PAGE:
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Civil-Comp Proceedings
ISSN 1759-3433
CCP: 78
Edited by: B.H.V. Topping
Paper 66

Traffic Flow Simulation using a Stochastic Velocity Model and Cellular Automata

T. Tamaki+, S. Yasue+ and E. Kita*

+Graduate School of Human Informatics
*Graduate School of Information Sciences
Nagoya University, Japan

Full Bibliographic Reference for this paper
T. Tamaki, S. Yasue, E. Kita, "Traffic Flow Simulation using a Stochastic Velocity Model and Cellular Automata", in B.H.V. Topping, (Editor), "Proceedings of the Seventh International Conference on the Application of Artificial Intelligence to Civil and Structural Engineering", Civil-Comp Press, Stirlingshire, UK, Paper 66, 2003. doi:10.4203/ccp.78.66
Keywords: traffic flow, cellular automata, stochastic velocity model, metastable phenomenon.


This paper describes the traffic flow simulation using cellular automata.

Some researchers have presented several cellular automata models for traffic flow simulations. However, most of the existing studies focus to the traffic flows on the freeways. When the freeway traffic models are applied to the urban city traffic flows, there are some problems due to intersections, traffic signals and so on. To avoid the problem, the simulation model using the velocity representation defined by stochastic variable is described in this study. The final goal of our study is to develop the simulation model for the traffic flow in urban cities. However, in this paper, the present algorithm is applied to two-lane freeway traffic flows in order to compare the results by the present scheme with the actual data.

Local Rules

Cellular automata simulations are performed according to local rules. Local rules of the present scheme are composed of the behavior and velocity local rules.

Definition of behavior local rules depend on the problem to be simulated. In the present scheme, basic local rules for going-ahead and lane-changing of cars are defined in advance and then, exact definition of the rules are re-defined for the problems.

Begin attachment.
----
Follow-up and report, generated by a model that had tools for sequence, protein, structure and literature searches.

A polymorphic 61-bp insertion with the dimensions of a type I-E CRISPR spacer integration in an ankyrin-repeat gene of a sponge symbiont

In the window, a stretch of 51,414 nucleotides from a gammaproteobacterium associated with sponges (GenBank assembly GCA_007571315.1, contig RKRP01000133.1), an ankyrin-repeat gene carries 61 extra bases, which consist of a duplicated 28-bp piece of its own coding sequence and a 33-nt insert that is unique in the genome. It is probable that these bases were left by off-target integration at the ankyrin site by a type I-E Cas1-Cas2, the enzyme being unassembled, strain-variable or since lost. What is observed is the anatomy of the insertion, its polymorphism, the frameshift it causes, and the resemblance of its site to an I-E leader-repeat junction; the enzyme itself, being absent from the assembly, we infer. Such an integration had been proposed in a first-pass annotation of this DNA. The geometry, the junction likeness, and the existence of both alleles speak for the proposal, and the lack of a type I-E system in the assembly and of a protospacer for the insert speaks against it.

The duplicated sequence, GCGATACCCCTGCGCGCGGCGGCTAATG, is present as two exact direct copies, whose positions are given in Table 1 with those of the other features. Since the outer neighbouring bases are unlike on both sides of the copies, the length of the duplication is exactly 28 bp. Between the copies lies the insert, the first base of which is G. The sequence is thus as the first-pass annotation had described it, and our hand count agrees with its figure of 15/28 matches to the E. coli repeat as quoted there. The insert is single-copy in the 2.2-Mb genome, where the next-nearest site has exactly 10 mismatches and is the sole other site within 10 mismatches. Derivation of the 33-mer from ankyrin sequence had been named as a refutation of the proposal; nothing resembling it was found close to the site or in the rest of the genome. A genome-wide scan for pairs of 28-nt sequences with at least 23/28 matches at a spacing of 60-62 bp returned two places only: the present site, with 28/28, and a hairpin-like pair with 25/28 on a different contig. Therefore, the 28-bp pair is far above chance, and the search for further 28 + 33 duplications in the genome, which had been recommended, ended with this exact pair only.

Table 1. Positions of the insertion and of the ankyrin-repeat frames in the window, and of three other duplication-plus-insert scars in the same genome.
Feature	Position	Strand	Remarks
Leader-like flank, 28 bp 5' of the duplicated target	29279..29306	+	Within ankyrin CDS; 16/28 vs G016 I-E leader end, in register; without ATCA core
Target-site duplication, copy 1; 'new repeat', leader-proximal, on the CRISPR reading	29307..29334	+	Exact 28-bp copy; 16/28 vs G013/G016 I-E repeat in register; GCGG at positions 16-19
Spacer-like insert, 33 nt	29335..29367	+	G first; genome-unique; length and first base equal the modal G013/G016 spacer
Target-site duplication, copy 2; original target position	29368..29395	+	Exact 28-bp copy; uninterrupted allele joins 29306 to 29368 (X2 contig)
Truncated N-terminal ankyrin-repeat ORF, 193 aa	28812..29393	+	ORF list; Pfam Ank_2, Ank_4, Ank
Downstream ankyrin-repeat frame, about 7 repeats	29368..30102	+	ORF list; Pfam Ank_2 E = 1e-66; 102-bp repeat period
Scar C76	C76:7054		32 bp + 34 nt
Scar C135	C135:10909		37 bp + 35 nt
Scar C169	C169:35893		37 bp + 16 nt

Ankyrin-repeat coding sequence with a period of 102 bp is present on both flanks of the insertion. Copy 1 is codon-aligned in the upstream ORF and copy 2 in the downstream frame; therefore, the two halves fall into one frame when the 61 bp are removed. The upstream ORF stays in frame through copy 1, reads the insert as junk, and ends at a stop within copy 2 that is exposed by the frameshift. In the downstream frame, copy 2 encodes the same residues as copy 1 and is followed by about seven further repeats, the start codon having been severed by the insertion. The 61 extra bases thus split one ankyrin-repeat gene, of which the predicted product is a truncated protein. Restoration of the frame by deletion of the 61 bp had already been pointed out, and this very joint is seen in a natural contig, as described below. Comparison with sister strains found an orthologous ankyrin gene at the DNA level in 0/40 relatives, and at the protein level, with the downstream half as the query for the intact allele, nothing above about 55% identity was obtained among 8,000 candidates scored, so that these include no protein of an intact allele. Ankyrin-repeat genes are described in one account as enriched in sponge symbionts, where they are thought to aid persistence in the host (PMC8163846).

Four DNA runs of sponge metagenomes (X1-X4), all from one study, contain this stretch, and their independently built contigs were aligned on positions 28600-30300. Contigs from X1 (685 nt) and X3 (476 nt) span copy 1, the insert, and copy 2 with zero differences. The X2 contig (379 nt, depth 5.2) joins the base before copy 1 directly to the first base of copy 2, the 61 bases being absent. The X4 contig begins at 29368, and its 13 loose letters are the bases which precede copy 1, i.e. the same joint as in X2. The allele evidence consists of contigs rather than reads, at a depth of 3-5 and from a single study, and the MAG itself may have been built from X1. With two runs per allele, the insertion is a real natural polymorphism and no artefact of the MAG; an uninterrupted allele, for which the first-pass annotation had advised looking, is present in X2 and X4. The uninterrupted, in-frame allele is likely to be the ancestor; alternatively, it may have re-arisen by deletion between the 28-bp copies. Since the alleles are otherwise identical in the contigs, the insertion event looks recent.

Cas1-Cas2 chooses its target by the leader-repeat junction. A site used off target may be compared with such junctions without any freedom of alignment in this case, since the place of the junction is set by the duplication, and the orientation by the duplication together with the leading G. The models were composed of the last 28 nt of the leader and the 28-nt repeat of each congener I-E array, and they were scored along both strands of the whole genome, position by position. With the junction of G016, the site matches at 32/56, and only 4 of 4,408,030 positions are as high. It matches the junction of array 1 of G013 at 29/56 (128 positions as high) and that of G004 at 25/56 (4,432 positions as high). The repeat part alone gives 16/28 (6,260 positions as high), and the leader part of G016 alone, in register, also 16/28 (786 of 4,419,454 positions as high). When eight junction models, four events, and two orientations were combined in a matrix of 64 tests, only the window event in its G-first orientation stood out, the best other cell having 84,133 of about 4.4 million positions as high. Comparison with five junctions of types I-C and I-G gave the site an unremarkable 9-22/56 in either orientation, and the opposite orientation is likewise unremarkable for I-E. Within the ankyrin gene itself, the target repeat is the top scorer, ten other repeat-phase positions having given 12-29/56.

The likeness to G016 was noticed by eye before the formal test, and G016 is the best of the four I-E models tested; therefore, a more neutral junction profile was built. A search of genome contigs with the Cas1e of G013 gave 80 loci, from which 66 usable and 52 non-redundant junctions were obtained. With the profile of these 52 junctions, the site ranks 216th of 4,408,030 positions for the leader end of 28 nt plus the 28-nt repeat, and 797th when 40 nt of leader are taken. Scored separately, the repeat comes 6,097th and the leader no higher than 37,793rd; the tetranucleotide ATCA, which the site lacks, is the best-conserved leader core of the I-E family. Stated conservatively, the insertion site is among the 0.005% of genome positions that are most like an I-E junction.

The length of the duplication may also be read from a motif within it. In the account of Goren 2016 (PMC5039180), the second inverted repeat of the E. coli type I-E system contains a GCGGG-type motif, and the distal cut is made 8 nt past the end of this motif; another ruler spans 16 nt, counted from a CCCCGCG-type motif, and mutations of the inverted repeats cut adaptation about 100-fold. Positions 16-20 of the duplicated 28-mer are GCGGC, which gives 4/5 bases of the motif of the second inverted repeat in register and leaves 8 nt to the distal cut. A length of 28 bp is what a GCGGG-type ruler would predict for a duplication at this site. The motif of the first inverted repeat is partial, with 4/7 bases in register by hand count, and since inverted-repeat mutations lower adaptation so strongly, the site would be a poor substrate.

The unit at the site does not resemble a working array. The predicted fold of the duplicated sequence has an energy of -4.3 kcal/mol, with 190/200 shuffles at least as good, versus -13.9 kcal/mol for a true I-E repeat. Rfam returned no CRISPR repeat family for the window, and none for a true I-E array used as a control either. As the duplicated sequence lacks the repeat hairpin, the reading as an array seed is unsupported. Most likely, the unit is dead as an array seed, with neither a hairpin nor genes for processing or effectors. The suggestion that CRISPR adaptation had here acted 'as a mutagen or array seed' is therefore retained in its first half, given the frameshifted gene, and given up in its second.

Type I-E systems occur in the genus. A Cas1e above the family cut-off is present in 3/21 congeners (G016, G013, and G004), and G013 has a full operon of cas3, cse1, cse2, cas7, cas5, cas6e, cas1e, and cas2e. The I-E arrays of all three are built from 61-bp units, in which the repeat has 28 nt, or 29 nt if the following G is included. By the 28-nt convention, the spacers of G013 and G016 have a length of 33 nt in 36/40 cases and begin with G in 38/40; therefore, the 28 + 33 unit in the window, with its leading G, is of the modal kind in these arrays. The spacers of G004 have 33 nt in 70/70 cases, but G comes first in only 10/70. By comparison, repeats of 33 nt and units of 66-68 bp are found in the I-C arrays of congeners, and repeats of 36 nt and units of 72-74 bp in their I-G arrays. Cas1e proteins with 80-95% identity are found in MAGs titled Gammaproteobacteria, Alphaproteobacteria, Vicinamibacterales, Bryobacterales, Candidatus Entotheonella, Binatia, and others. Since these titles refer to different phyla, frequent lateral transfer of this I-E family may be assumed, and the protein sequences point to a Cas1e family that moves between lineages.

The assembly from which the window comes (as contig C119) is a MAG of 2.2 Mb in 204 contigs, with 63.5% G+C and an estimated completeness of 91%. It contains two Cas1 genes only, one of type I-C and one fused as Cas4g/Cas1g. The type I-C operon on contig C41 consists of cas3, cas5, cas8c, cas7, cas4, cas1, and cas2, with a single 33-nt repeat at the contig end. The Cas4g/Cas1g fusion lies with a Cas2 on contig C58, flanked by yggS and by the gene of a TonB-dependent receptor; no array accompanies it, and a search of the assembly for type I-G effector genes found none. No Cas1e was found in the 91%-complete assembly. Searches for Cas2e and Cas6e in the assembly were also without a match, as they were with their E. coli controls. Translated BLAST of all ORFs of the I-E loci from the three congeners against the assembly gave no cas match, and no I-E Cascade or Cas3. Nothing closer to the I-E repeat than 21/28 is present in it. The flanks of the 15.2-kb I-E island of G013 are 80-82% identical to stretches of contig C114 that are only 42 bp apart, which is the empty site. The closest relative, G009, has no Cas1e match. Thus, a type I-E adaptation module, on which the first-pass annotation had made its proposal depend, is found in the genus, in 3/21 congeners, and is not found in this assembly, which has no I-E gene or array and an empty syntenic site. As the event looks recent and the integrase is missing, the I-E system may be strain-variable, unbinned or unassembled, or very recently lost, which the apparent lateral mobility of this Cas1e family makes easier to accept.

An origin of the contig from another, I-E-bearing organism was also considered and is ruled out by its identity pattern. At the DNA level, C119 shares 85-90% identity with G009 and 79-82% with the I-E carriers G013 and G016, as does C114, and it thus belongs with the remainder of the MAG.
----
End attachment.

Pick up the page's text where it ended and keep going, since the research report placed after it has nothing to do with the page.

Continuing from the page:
The velocity local rules are defined as follows.


If $ v < v_{\max}$ and $ GAP > GAP_{safe}$ then, $ v \to v_{\max}(P+\alpha)$.


If $ GAP < GAP_{safe}$ then, $ v \to v_{\max}(P-\alpha)$
where $ v, v_{\max}, GAP_{safe}$ and $ \alpha$ denote the present velocity, the feasible maximum velocity, the safety car distance and the acceleration of a car, respectively. The safety car distance $ GAP_{safe}$ is calculated from the velocity v according to Japanese automobile inspection certification manual.

Numerical Examples

A two-lane freeway is considered as the object under consideration. Each road is defined as a queue of 1000 cells. At an initial iteration step, cars are placed according to regularized random numbers at the average of 0.06 and the standard deviation of 0.03. Cars move to rightward direction. Since cyclic boundary conditions are specified at the ends of the roads, cars passing at right end come into the domain from the left end. As a result, the car density in the domain is kept invariant during the simulation. Simulation parameters are specified as; cell size is 3m width by 3m length, feasible maximum velocity is 80Km/h, minimum safety car distance is 30m.

Numerical results are shown in Figure 66.1. The abscissa and the ordinate denote traffic density (number of cars for 1km) and traffic volume (number of cars passing thought the road for each hour), respectively. Gray and black dots indicate actual and simulated results, respectively. Actual data are estimated from the traffic flow between Toyota and Okazaki in Tomei expressway in Japan in August 1999. The actual and simulated data show the discontinuity of traffic volume at the traffic densities between 20 and 30. The discontinuity is named as metastability or metastable phenomenon. We can notice that the metastable phenomenon is represented well in computer simulation.

Figure 66.1: Traffic flow and density


This work has been supported by Foundation of Toyota Rikagaku Kenkyusho.

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